Shortly after the failed military coup attempt last summer, the Turkish army chief was in the palace of President Recep Tayyip Erdogan, usually a show of loyalty. Flanked by pro-government journalists, Gen. Hulusi Akar was seen posing for a selfie, a picture that drew rebuke by opponents.
The political cover provided by the government for his loyalty to Mr. Erdogan, a factor that crucially altered entire equation against coup plotters, seems not enough for mounting doubts over his conducts that night. His role during the coup night is still shrouded in mystery. The entire scenario is awash with questions: What did he talk with intel chief Hakan Fidan? Did he know about the coup earlier? Why was he accompanied by Mehmet Disli, a coup plotting general, as he landed in Cankaya by a chopper?
After all, Mr. Akar evaded giving testimony to a parliamentary committee investigating July 15 coup and his personal account of how the plotters abducted him or how the entire coup saga unfolded remains an enigma to observers and people alike.
New revelations during coup trials give additional ammunition to skeptics over the army chief’s exact position during coup night. At a court hearing in the southern province of Gaziantep, a coup suspect claimed that Mr. Akar was in fact the head of the junta council that supposed to govern the country if the attempt succeeded.
Whether the army chief desperately tried to stop the plotters, but ended up being captive at the hands of putschists at an air base in Ankara, or he was part of the plot from the beginning but switched his side after it became clear that the attempt was doomed to fail is unknown. That still remains a puzzle with no easy answers.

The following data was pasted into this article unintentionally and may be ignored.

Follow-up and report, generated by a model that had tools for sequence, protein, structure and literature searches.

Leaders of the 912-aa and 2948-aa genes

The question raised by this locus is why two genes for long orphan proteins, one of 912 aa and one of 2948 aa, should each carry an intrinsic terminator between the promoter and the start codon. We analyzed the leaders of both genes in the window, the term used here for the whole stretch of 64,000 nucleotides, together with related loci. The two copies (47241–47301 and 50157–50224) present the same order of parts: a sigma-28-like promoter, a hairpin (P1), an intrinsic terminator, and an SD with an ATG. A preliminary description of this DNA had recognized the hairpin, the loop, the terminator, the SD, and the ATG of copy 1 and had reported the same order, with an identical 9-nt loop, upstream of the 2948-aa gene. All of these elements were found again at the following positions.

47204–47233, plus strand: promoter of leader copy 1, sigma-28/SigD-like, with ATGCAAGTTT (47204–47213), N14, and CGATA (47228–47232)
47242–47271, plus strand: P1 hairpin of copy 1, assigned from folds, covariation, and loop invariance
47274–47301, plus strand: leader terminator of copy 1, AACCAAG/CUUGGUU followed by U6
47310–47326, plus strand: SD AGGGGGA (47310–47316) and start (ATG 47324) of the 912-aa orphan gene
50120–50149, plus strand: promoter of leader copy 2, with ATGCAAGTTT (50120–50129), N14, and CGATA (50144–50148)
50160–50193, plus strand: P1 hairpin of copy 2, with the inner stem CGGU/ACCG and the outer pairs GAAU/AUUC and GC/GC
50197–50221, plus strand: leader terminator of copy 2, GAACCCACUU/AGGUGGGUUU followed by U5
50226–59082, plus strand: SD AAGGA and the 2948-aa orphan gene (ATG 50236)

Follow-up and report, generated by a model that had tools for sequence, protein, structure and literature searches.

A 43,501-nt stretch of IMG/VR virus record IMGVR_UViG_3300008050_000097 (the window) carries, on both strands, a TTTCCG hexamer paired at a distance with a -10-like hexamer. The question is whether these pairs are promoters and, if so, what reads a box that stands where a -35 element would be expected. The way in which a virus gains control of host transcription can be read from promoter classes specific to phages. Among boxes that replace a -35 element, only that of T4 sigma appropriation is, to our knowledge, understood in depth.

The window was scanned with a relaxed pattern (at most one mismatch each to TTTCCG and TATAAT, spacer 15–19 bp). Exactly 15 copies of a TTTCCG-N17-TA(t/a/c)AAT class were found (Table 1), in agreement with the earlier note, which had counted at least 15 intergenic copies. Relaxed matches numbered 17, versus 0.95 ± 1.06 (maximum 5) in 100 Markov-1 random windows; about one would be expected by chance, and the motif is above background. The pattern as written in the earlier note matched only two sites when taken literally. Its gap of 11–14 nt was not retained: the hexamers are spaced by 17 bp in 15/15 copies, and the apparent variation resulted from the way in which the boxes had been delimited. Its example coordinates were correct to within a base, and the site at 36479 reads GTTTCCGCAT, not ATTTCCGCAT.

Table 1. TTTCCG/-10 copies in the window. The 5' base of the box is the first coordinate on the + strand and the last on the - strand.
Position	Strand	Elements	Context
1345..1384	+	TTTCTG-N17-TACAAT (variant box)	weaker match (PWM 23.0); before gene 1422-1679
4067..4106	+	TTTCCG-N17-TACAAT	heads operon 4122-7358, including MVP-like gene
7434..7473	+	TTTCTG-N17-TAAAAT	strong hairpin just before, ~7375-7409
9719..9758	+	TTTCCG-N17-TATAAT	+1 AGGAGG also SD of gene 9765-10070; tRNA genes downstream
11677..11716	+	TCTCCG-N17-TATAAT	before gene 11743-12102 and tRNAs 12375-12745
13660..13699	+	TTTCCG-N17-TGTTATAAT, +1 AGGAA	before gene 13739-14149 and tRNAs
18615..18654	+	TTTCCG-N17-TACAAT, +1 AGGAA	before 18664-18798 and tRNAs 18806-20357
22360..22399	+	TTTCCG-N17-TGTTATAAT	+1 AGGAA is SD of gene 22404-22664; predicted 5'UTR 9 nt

Captain Samil Topal, who is accused of taking part in the attempted coup, said in his defense during a court session on Monday that Regiment Commander Turgut Celebi convened officers under his command in Gaziantep to hammer out the final action plan for the uprising.
Col. Celebi told his men that Mr. Akar was head of Peace At Home Council, the junta that recited a manifesto on state-run TRT to announce the takeover of the government during early hours of the attempt.
Prosecutors seek aggravated 5 life sentences for 35 officers and soldiers from the 106th Artillery Regiment in Islahiye, a district in Gaziantep.
“At the meeting, the Regiment Commander came to the table with the documents… He told that there is Peace at Home Council, with Gen. Hulusi Akar his president… Martial law will be declared at 3 a.m. and curfew will be imposed at 6 a.m.,” the captain told the court.
The commander asked the officers how many armored vehicles they had and ordered to deploy them to the city to block police.
The captain asked for his release after saying that he defied the orders and did not deploy any vehicle outside the regiment. “I hadn’t done anything illegal… I have been imprisoned mistakenly for 8 months. I have not been able to say this error to anyone for 8 months. I demand my release and acquittal,” the officer said in anguish.
Other accounts in a separate trial echo this point, further raising the specter of doubt over Gen. Akar.
In a trial of an assassination plot against Mr. Erdogan in Marmaris, the general who was accused of leading a team of special forces, said he was told by his superiors that the military was carrying out a coup in line with the command-and-chain, with the army chief being head of the plot.
Gen. Gokhan Sonmezates told the court 2 weeks ago that he was misled by superiors as he assigned to the mission to capture Mr. Erdogan alive and bring him back to Ankara safe and sound.
The putsch dramatically collapsed after the majority of army corpses remained loyal to President Erdogan. According to a government narrative, the putschist officers captured Mr. Akar and brought him to Akinci Air Base, which served as headquarters for the plotters. He was then rescued by loyal troops.
Given Turkey’s long history of tormented relationship between civilians and soldiers, Gen. Akar had an unusual rapport with Mr. Erdogan and he came under the spotlight again last week after the Hurriyet daily reported about a smoldering resentment in the army.
The military feels it has been sidelined by the government even on matters historically seen within the scope of internal affairs of the army. The government’s decision to lift headscarf ban for female officers without consulting the army emerged as the tipping point of a testy relationship given waning patience among officers who are terrorized by Mr. Erdogan’s bewildering purge of experienced generals and torture of respected figures of the army in prisons.